Ribonucleic acids (RNAs) are essential for transfer of genetic information and cell regulation. About 1-2% of the transcribed genome (transcriptome) consists of protein-coding messenger RNAs (mRNAs). The vast majority however, are non-coding RNAs (ncRNAs) of various length and function1-5: protein synthesis-related housekeeping RNAs (transfer RNA (tRNA), ribosomal RNA (rRNA)) and regulatory RNAs (> 200 nt: long non-coding RNA (lncRNA), < 200 nt: e.g. micro RNA (miRNA), small interfering RNA (siRNA) or PIWI-interacting RNA (piRNA)). Circular RNAs (circRNAs) have initially been categorized as non-coding RNAs4 but contain protein-coding functions5 as well.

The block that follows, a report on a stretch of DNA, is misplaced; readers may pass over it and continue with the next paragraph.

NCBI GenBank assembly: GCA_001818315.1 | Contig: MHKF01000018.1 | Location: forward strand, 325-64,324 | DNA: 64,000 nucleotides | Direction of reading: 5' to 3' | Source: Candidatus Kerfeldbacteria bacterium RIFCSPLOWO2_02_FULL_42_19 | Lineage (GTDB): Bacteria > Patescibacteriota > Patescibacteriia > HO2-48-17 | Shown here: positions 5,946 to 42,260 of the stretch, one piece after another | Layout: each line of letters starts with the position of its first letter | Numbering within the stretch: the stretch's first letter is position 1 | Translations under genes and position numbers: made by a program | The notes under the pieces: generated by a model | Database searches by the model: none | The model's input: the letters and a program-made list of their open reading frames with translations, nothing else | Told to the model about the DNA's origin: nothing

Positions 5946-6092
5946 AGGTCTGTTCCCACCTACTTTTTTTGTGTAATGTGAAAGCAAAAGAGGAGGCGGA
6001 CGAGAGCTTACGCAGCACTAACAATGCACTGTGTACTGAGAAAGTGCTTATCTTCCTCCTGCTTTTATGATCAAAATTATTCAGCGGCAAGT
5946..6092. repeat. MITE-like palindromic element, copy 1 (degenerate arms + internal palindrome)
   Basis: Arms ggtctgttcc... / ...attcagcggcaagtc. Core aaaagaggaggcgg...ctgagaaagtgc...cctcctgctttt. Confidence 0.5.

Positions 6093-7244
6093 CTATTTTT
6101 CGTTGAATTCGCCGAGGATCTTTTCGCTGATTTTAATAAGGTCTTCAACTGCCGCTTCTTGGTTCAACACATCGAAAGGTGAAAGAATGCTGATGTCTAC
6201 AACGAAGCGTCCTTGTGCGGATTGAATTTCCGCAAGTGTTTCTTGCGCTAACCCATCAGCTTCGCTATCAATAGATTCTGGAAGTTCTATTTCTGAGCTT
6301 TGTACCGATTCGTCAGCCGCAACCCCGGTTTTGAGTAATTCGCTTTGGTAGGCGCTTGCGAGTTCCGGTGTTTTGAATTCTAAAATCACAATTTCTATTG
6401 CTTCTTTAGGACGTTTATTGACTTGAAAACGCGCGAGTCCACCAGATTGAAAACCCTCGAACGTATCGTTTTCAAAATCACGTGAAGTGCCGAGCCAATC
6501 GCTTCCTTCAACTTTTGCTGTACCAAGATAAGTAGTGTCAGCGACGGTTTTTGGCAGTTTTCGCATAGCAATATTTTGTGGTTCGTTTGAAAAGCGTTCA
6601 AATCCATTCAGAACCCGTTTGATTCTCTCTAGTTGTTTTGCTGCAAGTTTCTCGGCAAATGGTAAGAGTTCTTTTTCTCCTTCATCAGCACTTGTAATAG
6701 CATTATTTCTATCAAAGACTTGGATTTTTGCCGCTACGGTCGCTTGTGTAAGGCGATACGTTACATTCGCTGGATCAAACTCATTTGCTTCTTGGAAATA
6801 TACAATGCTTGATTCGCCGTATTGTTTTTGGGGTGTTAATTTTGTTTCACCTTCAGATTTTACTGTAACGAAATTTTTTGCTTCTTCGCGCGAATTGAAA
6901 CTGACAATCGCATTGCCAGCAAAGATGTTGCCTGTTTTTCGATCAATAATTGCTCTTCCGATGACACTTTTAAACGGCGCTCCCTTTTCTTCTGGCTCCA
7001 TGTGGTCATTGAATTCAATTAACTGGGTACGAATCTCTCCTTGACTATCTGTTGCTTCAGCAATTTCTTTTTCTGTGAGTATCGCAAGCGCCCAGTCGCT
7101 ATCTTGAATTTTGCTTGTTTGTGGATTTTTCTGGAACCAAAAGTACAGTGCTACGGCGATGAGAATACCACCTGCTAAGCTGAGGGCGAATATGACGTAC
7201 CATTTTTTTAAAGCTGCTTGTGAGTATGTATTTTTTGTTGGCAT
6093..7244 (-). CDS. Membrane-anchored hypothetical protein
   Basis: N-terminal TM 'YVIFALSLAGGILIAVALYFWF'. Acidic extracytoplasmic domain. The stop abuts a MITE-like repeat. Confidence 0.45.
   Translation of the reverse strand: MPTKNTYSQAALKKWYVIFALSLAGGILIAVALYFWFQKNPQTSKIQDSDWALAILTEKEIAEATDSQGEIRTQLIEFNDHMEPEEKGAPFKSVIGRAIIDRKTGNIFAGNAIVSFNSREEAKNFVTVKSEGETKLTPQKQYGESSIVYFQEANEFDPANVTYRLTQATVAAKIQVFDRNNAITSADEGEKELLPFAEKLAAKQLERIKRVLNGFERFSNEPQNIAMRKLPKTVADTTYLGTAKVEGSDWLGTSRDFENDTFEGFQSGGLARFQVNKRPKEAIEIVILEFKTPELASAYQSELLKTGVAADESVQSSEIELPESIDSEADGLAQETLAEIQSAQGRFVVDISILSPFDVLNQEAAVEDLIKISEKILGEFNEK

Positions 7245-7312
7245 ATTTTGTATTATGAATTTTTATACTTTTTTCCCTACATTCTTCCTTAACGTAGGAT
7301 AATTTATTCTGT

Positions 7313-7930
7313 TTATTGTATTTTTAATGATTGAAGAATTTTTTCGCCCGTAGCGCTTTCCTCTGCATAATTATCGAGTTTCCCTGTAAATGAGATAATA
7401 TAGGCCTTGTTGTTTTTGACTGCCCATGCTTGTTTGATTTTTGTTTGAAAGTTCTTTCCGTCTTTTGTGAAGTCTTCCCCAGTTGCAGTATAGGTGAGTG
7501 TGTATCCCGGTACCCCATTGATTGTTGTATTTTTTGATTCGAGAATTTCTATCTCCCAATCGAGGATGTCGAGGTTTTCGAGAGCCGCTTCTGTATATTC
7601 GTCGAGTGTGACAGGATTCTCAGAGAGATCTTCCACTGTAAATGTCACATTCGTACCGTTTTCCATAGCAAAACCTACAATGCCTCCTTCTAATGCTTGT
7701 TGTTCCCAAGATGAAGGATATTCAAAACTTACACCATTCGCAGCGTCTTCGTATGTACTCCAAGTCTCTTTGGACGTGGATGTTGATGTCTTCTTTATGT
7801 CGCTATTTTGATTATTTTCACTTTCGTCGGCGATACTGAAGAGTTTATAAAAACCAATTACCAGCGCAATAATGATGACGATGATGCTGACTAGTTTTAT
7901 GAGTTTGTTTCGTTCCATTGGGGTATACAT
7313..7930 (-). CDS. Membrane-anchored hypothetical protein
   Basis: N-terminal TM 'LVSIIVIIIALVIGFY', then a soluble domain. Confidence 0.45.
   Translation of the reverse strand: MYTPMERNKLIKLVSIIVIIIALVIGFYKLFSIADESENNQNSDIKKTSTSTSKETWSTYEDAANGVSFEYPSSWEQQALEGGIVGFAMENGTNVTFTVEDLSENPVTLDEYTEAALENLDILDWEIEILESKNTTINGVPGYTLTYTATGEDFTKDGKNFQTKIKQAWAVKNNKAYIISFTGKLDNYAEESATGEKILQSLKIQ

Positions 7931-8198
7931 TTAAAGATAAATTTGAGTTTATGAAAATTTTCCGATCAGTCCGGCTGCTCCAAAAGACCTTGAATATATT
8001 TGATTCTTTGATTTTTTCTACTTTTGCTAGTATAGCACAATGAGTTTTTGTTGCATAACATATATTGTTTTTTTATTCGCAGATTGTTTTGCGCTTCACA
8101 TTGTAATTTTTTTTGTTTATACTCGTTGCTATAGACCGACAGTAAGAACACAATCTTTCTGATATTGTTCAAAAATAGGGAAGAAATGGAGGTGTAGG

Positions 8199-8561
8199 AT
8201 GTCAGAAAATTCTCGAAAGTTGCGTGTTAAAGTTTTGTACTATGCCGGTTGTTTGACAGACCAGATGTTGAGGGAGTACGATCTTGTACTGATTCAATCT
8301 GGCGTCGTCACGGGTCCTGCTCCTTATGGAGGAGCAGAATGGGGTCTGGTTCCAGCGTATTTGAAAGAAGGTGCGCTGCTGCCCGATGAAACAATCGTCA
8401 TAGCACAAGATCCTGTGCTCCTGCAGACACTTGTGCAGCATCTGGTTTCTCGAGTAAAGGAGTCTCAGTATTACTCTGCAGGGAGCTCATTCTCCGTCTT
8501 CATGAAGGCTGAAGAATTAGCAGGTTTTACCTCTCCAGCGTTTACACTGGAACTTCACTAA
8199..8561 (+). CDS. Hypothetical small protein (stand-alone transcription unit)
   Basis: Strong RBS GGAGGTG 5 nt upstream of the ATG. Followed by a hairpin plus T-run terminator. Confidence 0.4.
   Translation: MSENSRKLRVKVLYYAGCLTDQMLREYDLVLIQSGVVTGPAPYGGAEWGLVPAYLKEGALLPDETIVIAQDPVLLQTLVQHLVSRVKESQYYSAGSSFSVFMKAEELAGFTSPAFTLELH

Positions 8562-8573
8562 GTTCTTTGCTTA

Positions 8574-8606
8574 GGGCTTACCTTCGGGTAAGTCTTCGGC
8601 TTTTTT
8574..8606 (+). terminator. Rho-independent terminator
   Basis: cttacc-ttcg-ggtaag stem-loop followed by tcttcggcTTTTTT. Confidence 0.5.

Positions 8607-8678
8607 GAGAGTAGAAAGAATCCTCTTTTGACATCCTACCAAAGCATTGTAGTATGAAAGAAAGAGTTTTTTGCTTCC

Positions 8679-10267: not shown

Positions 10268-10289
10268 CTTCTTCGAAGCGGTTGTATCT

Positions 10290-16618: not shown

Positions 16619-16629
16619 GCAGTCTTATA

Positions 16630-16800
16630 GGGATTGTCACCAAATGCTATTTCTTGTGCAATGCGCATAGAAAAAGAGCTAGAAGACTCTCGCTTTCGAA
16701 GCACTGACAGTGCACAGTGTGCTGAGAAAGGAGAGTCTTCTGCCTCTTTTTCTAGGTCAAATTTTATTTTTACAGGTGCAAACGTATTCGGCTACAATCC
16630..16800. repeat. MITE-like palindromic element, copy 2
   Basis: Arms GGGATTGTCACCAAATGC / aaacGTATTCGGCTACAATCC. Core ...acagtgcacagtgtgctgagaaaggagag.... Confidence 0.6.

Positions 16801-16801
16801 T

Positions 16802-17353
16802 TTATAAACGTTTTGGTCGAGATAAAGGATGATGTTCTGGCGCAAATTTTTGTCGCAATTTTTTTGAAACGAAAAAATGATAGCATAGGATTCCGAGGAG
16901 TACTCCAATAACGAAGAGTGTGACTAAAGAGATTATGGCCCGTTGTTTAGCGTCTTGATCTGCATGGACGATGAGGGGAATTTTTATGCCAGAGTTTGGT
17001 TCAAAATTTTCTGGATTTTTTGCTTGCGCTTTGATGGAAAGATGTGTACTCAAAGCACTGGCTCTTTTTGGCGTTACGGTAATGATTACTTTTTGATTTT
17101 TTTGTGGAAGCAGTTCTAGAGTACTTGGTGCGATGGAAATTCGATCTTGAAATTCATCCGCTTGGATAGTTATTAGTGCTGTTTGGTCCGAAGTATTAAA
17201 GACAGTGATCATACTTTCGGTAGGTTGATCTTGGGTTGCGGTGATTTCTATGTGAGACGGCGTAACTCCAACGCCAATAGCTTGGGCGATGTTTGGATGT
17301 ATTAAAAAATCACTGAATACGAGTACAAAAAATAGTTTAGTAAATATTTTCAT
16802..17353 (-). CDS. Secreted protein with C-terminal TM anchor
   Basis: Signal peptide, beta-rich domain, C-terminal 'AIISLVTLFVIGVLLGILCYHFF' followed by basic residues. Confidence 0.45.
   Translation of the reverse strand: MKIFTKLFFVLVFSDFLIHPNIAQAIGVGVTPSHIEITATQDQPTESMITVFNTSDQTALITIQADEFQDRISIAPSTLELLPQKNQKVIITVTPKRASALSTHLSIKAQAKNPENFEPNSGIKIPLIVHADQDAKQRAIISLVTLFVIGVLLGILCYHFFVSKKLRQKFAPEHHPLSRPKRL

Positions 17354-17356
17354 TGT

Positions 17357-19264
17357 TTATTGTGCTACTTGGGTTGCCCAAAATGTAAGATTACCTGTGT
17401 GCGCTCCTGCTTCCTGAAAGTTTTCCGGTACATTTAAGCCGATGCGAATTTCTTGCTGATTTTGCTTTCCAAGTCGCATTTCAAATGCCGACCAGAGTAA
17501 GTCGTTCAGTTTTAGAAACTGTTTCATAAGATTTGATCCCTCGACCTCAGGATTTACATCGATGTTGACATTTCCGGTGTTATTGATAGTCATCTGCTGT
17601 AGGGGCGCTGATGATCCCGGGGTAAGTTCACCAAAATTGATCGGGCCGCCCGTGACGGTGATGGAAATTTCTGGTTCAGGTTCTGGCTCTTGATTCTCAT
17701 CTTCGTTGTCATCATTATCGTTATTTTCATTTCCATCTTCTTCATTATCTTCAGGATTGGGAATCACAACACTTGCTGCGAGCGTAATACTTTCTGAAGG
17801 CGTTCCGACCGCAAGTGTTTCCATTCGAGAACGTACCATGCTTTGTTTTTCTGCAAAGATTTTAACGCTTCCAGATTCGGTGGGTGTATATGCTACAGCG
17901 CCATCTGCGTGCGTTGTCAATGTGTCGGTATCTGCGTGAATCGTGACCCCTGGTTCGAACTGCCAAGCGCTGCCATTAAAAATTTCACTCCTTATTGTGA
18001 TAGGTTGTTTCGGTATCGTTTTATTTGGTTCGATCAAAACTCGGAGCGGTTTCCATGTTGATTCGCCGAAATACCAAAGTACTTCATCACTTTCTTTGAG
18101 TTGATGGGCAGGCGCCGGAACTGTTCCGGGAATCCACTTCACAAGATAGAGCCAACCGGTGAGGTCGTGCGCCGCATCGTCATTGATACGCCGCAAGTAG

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 Cech et al. (2014) The noncoding RNA revolution – trashing old rules to forge new ones. Cell 157:17.
 Morris et al. (2014) The rise of regulatory RNA. Nature Reviews Genetics 15:423.
 Uszczynska-Ratajczak et al. (2018) Towards a complete map of the human long non-coding RNA transcriptome. Nature Reviews Genetics 19:423.
 Wiluz et al. (2013) A circuitous route to noncoding RNA. Science 340 (6131):440.
 Pamudurti et al. (2017) Translation of circRNAs. Molecular Cell 66:9.